The Mara Elephant Project intelligence unit was very successful in the fourth quarter and had two ivory busts in October. On October 4, Kenya Wildlife Service (KWS) arrested two suspects in possession of 26 kg (57 lbs.) of elephant ivory based on MEP intelligence. The two suspects were transporting 13 pieces of tusks in the trunk of their car and were arrested near the Tanzania border. Later in the month, on October 26, KWS arrested one suspect with four pieces of ivory weighing 10.5 kg based on MEP intelligence. The joint operation also included the MEP “Golf” ranger team stationed nearby protecting the Nyakweri Forest. The ivory appeared to be old and was recently unearthed with the intention to sell. Then, in November, the team arrested one suspect with 13 kg of ivory, which meant a total of 74 kg of ivory seized in the fourth quarter based on MEP intelligence.
There was a rare incident on November 26, when the MEP mobile team was in pursuit of a suspect in possession of poisoned arrows with the intention of targeting elephants. During the chase the suspect resisted arrest and MEP ranger Gideon was injured and needed immediate first aid. After the suspect was apprehended, MEP rangers administered first aid to Gideon and transported him to a local hospital where he received treatment. He’s since made a full recovery and is already back on patrol and, thanks to the ranger’s quick response, elephants were not harmed during the attack. It’s been several years since MEP has recovered poisoned arrows alongside our government partners in the Mara.
The two MEP / Sheldrick Wildlife Trust (SWT) Mau De-Snaring Units continue to have an impact on increasing protection for the Mau Forest and the wildlife that call it home. The men and women of the “Charlie” and “Alpha” teams were successful in the fourth quarter rooting out illegal poaching and deforestation activities. The two teams joined KWS and Kenya Forest Service (KFS) on joint patrols. The “Charlie” ranger team on a joint patrol with KFS arrested four suspects in different locations inside the forest for illegal logging and charcoal production. They also destroyed four active kilns and confiscated pieces of timber, an axe and other charcoal making supplies. The “Alpha” ranger team while on the joint patrol with KWS and KFS arrested six suspects for habitat destruction activities and destroyed two kilns and five sacks of charcoal. On December 30, the “Alpha” unit arrested five suspects that had an active charcoal production operation inside the forest. Alongside the arrest with partners KFS, the team also destroyed five active kilns and confiscated five bags of charcoal.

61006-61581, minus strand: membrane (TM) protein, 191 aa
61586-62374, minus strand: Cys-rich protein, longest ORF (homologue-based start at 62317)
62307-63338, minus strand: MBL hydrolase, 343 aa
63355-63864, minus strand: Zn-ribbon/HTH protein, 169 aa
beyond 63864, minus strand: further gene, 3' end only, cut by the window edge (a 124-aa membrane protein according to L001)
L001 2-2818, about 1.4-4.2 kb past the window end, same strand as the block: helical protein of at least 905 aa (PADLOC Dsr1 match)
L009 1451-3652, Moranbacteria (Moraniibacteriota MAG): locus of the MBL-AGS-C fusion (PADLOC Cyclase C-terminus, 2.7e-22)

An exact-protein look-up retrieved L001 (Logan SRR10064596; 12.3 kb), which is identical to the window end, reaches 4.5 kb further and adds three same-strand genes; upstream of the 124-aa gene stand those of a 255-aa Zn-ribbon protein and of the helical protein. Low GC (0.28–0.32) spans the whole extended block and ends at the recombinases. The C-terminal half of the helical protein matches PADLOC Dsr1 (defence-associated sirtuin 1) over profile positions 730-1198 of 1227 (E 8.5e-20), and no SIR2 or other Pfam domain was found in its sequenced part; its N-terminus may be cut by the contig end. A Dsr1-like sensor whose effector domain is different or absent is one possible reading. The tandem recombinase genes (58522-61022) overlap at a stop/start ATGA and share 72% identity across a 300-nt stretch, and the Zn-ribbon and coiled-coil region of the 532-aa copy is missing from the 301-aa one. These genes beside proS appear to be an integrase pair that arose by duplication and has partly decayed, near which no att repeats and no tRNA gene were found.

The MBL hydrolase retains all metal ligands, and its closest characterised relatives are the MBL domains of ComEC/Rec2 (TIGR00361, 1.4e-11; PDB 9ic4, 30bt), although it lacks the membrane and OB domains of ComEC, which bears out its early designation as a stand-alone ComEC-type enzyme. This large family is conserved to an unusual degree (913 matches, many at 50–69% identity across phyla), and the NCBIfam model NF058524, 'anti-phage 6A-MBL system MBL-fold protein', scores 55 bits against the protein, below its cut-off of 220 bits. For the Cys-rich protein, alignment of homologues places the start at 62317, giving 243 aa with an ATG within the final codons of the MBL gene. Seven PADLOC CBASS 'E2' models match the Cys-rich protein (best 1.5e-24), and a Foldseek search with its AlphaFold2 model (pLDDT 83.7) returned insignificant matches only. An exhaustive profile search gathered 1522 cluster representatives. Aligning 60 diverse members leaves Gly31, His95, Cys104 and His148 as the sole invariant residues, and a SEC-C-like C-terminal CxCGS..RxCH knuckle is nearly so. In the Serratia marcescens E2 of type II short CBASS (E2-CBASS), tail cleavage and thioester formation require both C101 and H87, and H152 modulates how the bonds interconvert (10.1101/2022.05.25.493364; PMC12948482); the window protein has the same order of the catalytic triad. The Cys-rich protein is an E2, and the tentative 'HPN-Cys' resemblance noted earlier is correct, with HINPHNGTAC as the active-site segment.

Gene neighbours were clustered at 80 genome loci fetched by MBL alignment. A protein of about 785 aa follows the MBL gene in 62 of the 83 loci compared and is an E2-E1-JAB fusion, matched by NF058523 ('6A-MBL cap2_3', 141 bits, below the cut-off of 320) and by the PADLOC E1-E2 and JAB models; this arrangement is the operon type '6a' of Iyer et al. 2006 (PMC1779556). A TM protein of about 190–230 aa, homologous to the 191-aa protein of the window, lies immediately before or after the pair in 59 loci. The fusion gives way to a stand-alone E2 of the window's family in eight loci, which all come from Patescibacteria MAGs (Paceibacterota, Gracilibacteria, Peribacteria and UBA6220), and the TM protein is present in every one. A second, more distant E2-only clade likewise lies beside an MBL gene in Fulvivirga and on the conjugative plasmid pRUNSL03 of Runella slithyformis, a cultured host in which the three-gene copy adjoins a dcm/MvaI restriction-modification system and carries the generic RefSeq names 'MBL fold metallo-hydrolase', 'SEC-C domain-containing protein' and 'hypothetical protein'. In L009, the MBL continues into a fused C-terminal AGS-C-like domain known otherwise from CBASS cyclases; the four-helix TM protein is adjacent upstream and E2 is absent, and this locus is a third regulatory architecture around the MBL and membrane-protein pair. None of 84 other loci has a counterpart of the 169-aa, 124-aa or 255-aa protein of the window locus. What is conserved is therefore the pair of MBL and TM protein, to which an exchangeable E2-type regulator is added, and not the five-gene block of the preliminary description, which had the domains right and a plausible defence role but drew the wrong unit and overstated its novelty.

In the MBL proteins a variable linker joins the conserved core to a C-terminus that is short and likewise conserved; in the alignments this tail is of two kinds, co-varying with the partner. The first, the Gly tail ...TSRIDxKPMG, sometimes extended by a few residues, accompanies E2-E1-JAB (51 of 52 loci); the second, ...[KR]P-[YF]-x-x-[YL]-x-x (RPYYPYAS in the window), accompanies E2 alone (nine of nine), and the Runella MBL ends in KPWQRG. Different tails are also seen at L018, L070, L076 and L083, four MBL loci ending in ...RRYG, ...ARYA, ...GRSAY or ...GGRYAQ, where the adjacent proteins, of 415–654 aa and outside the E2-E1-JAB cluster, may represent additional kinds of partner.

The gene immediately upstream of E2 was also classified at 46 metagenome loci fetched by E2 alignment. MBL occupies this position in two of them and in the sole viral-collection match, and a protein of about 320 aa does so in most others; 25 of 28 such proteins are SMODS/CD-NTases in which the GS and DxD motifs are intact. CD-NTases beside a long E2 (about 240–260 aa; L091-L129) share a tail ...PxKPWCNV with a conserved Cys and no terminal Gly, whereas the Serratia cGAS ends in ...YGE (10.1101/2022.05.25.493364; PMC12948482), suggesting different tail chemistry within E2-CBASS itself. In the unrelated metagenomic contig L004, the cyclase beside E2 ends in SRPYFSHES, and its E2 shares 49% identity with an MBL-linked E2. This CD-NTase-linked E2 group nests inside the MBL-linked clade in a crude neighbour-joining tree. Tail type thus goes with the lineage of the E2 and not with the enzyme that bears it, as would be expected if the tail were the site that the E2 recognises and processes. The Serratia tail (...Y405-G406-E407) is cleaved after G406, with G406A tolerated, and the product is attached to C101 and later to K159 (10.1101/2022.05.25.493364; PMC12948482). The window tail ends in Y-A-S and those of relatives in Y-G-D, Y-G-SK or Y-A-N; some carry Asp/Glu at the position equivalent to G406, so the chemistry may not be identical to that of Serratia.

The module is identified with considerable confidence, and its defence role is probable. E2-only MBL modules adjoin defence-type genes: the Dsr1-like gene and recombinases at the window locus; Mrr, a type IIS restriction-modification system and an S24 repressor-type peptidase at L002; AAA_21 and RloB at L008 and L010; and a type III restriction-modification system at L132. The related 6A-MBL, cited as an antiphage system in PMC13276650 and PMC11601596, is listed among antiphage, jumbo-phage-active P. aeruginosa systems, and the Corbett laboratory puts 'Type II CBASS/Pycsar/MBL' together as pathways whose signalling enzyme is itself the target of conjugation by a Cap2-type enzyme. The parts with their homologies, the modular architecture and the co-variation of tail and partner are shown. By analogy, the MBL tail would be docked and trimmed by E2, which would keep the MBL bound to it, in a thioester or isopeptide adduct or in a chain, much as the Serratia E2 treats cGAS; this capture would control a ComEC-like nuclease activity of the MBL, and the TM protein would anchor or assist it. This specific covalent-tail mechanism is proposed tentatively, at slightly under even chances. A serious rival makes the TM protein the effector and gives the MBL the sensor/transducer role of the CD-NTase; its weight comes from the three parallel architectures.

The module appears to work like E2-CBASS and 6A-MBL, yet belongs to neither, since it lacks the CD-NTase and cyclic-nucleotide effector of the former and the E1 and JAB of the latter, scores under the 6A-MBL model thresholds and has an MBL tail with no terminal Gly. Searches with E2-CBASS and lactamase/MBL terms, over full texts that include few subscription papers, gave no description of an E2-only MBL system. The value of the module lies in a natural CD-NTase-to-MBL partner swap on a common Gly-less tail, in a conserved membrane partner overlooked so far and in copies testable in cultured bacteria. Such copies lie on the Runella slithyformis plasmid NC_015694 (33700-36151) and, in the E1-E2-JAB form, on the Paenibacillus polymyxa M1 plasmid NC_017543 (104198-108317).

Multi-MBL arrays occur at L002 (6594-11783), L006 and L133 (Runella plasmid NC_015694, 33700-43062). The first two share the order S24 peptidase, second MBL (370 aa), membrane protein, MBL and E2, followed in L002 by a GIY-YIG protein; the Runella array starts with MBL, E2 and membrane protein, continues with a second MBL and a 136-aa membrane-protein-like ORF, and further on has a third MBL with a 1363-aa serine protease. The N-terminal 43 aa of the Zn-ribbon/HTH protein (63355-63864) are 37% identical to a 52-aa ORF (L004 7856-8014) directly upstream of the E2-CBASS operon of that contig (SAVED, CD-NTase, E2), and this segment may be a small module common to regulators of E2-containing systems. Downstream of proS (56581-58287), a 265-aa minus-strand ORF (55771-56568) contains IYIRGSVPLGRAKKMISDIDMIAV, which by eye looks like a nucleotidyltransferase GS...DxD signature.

Overall, in the fourth quarter, all of our ranger teams alongside KWS, KFS and the Bongo Surveillance Project successfully confiscated 135 bags of charcoal, 1,412 pieces of timber, 446 posts, arrested 66 habitat destruction suspects and destroyed 114 kilns.